WestJet says it will begin providing refunds to passengers whose flights were cancelled due to the pandemic.
The Calgary-based airline said it will begin contacting all eligible flyers with WestJet and Swoop on Nov. 2. It will begin with those whose flights were cancelled in March 2020 at the onset of the pandemic, to offer refunds in the original form of payment.
The process is expected to take six to nine months, the company said. It asked customers to wait to be contacted, in order to avoid overloading its call centre.
“We are an airline that has built its reputation on putting people first,” said Ed Sims, WestJet president and CEO, in an emailed release.
“We have heard loud and clear from the travelling public that in this COVID world they are looking for reassurance on two fronts: the safest possible travel environment, and refunds.”
Sims said in a letter posted to the company’s website that since March, it has done everything it can to reduce costs in the face of a 95 per cent drop in demand.
“Up until this point, quite plainly, the financial position of airlines around the world has been precarious,” Sims said.
“We went 72 days in a row where cancellations outstripped bookings, something that has not happened — ever — in our almost 25-year history. Thankfully, we are seeing bookings higher than cancellations now but still at a level that sees more than 140 of the 181 aircraft in our fleet parked and more than 4,000 WestJet employees were permanently laid off.”
The company said it’s the first national airline in the country to proactively begin refunding customers during the pandemic — a comment that Air Canada contested.
“Misleading statement! WestJet is just now catching up to our policy to refund refundable fares. We have already refunded over $1.2 billion in refundable fares to date,” Air Canada wrote on Twitter on Wednesday evening.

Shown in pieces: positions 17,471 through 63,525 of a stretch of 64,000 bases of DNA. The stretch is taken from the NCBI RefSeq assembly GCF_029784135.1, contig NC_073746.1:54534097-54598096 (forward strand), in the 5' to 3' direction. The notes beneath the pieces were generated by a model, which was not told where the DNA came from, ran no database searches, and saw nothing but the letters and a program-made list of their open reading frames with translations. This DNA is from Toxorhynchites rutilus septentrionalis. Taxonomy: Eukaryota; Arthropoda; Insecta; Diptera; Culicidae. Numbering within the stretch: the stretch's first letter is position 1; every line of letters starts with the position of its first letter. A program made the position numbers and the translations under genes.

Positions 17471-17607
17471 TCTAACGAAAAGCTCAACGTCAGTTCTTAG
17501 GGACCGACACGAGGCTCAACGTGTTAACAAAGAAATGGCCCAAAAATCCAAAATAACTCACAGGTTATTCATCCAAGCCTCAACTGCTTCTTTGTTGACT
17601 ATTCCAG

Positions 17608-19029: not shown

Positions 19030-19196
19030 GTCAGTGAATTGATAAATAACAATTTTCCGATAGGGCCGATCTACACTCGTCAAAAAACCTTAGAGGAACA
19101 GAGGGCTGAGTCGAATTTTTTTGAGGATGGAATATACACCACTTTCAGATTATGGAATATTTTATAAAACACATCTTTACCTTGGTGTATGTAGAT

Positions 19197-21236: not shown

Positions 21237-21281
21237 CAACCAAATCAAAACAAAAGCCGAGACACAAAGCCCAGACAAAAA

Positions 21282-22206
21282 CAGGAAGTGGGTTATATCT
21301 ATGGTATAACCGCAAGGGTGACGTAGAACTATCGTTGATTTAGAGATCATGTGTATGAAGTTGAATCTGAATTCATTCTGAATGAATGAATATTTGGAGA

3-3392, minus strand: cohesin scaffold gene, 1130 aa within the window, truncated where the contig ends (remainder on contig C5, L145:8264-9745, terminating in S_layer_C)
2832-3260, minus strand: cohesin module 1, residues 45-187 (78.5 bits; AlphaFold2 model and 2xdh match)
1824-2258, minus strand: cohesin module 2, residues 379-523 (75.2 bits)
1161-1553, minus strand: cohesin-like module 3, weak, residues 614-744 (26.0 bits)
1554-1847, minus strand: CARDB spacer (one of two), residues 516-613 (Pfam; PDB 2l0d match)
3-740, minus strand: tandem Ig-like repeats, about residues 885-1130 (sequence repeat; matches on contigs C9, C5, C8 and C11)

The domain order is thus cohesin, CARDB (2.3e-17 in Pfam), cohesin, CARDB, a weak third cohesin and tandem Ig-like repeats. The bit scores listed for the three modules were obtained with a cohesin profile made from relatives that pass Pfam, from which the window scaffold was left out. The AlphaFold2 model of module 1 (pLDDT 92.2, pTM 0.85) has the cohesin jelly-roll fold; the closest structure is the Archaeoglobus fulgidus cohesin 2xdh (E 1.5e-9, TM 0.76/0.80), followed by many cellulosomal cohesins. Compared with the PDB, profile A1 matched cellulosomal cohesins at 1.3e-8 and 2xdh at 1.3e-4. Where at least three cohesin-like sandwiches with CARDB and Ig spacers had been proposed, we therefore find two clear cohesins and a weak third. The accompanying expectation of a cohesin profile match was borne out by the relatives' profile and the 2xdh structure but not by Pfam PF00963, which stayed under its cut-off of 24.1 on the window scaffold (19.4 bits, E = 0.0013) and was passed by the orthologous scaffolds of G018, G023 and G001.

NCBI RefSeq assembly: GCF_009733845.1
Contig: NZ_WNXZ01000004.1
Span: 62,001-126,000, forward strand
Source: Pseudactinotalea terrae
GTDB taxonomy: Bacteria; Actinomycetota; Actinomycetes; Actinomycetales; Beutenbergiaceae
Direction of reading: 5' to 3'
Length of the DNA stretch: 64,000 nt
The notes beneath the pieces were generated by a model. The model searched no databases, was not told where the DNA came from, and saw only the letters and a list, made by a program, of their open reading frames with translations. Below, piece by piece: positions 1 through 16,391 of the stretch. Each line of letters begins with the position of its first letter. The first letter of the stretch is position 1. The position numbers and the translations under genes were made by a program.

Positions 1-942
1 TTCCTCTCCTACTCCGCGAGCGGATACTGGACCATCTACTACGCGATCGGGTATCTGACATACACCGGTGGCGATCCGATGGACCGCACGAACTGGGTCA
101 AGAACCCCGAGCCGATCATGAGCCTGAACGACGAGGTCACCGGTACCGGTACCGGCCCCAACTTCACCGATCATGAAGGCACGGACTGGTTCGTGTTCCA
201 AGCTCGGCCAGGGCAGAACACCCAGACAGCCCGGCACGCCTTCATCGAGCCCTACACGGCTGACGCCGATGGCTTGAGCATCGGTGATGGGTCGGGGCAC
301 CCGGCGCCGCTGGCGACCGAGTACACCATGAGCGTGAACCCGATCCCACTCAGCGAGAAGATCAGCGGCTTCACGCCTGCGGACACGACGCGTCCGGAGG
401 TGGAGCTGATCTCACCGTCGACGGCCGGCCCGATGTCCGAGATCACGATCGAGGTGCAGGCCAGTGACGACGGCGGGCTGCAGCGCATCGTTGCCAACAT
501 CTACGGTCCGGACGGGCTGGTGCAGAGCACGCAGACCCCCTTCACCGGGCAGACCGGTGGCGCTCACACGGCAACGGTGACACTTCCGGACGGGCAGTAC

Within 10 minutes of that tweet, more than a dozen replies from customers said they still had not received their refund.
CBC News has reached out to Air Canada for more information, and has yet to receive a response.
In June, both Air Canada and WestJet began offering refunds to some passengers whose flights originated outside of Canada. WestJet offered refunds on flights originating from or landing in the U.S. or U.K., and Air Canada offered refunds to those whose flights originated in the EU — but not in Canada.
Air Canada made the most recent U.S. Air Travel Consumer Report, released in August, for having the most refund complaints of any foreign airline the previous month. It had 1,705 complaints, while WestJet had 346.
The airline industry in Canada has lost billions due to border closures and grounded flights during COVID-19.
Up until now, most Canadian airlines have offered travel vouchers to passengers with cancelled flights. The vouchers were redeemable for two years.
The lack of cash refunds have led to petitions and even possible class action lawsuits against the industry.
WestJet’s website states those who cancelled their own flights or purchased basic fares will not be refunded.
Passenger rights advocate Gabor Lukacs said the six to nine months WestJet estimates it will take to process refund requests is excessive, calling it “ridiculous” and a “non-starter.”
He also said the refund exclusions violate consumer rights.
“It doesn’t matter whether it was a business class elite fare or a basic fare, they have to refund it equally,” Lukacs said, citing provincial legislation and regulation.
WestJet had started to bleed money from advance ticket purchases even before Wednesday’s announcement.
Of the nearly 16,300 guests who requested chargebacks from their credit card issuers between March and Aug. 19, only 11 per cent were denied, according to an affidavit WestJet regulatory affairs director Lorne Mackenzie filed to the Federal Court in August.
Certification hearings on a class action against WestJet, Air Canada and Transat AT are to begin in Federal Court on Nov. 2, the same day WestJet’s policy goes into effect.